Property developers are eyeing partnerships with the new city administration to access prime land near the central business district (CBD) for affordable housing units.
Housing and settlement are one of the core pledges by the government to curb the large deficit of suitable shelter for low-income earners.
Prime land close to the city centre is largely in the hands of the government and developers reckon it would be perfect for new residential houses.
“The National and County Governments, together with parastatals and other quasi-government institutions are also the largest land bankers in locations near the city centre that are ideal for affordable housing development,” said Samuel Kariuki, chief executive of Mi Vida Homes.
“We see this as an opportunity to partner with credible institutional developers in the production of affordable housing as suitable land remains a key cost hindrance in this important agenda.”
According to the Center for Affordable Housing, Kenya has an accumulated housing deficit of two million housing units, growing by 200,000 units annually. This is mainly due to the difference between the demand for 250,000 housing units and an estimated supply of 50,000 units every year.
This has resulted in more than 60 percent of urban Kenyans living in slums and other low-quality housing without adequate sanitation.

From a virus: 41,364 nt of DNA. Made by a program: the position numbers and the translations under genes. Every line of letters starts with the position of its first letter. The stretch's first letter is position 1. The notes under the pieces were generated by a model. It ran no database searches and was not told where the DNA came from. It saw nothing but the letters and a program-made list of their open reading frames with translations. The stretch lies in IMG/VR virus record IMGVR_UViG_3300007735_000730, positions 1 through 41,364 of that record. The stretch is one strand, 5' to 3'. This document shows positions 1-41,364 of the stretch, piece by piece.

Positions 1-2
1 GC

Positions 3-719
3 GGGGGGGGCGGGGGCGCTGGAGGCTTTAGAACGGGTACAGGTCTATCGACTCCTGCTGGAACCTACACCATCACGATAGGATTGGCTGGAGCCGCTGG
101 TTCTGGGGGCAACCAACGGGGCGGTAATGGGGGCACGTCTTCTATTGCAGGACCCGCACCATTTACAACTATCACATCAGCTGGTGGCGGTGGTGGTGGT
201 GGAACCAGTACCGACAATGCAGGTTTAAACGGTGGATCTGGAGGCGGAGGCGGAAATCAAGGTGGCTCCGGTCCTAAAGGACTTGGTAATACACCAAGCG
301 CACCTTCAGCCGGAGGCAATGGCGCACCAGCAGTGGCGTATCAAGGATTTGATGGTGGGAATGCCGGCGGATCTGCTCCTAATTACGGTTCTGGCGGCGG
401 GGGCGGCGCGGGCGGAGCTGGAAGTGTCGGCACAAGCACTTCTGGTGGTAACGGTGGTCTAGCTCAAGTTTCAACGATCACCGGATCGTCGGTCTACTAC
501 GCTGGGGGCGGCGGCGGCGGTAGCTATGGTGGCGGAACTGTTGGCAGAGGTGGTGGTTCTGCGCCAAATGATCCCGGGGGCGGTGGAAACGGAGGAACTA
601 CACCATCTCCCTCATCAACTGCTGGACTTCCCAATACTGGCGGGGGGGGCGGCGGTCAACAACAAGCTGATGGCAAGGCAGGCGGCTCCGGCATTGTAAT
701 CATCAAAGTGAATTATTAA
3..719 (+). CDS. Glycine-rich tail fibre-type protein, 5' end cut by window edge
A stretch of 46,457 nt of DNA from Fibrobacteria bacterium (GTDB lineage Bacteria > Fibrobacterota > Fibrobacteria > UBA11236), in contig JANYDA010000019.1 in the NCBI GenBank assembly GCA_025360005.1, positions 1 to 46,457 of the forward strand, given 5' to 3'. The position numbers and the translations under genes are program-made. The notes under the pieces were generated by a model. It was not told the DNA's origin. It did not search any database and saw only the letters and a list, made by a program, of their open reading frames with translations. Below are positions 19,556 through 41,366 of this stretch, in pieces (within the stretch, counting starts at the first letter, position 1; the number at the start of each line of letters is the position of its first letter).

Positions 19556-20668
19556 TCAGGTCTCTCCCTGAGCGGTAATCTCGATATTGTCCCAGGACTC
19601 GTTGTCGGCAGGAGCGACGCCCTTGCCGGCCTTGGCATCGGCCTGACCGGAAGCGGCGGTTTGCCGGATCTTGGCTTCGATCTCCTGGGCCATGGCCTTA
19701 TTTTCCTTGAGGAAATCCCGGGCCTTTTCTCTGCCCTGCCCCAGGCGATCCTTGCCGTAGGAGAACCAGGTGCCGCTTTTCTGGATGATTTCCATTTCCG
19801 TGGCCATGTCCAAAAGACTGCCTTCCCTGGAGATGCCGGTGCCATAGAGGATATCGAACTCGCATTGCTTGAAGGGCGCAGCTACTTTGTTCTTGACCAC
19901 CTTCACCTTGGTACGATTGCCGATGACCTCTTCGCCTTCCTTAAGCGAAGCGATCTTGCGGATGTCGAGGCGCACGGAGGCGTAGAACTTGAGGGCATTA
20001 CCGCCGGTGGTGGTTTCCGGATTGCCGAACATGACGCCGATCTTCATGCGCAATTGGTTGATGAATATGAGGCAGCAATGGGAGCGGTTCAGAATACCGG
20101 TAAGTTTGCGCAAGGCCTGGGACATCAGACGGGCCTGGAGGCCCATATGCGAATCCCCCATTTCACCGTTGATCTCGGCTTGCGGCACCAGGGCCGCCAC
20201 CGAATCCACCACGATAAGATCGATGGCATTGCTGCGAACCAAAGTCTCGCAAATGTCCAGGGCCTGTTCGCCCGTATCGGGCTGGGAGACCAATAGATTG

President William Ruto’s manifesto pledged building 250,000 units annually through a public-private partnership that the developers are keen on. He promised to grow the number of mortgage accounts from less than 30,000 to one million by enabling low-cost deals and establishing an affordable long-term housing finance scheme.
Uhuru Kenyatta's Jubilee administration had also established a keen interest in affordable housing as one of the key pillars of its Big Four Agenda.
The government had targeted to set up 500,000 new affordable units between 2018 and this year, through both public and private sector endeavours, but fell short of target because of, among other things, the high cost of land and slow rollout of projects by the private sector. The government managed to build units in Ngara, Parklands, and Pangani among other areas near the city centre.
More than 186,000 housing units had been registered for construction across the country by the National Construction Authority under the Affordable Housing programme of the last administration.
This is, however, still not enough to meet the demand, given that more than 350,000 Kenyans are registered under the Boma Yangu online platform, which is being used to facilitate the purchase of the cheaper houses.
Location is a primary determining factor for most homeowners and property developers, especially with the prime properties in or close to the city centre consistently outperforming those further from the central business district in terms of price.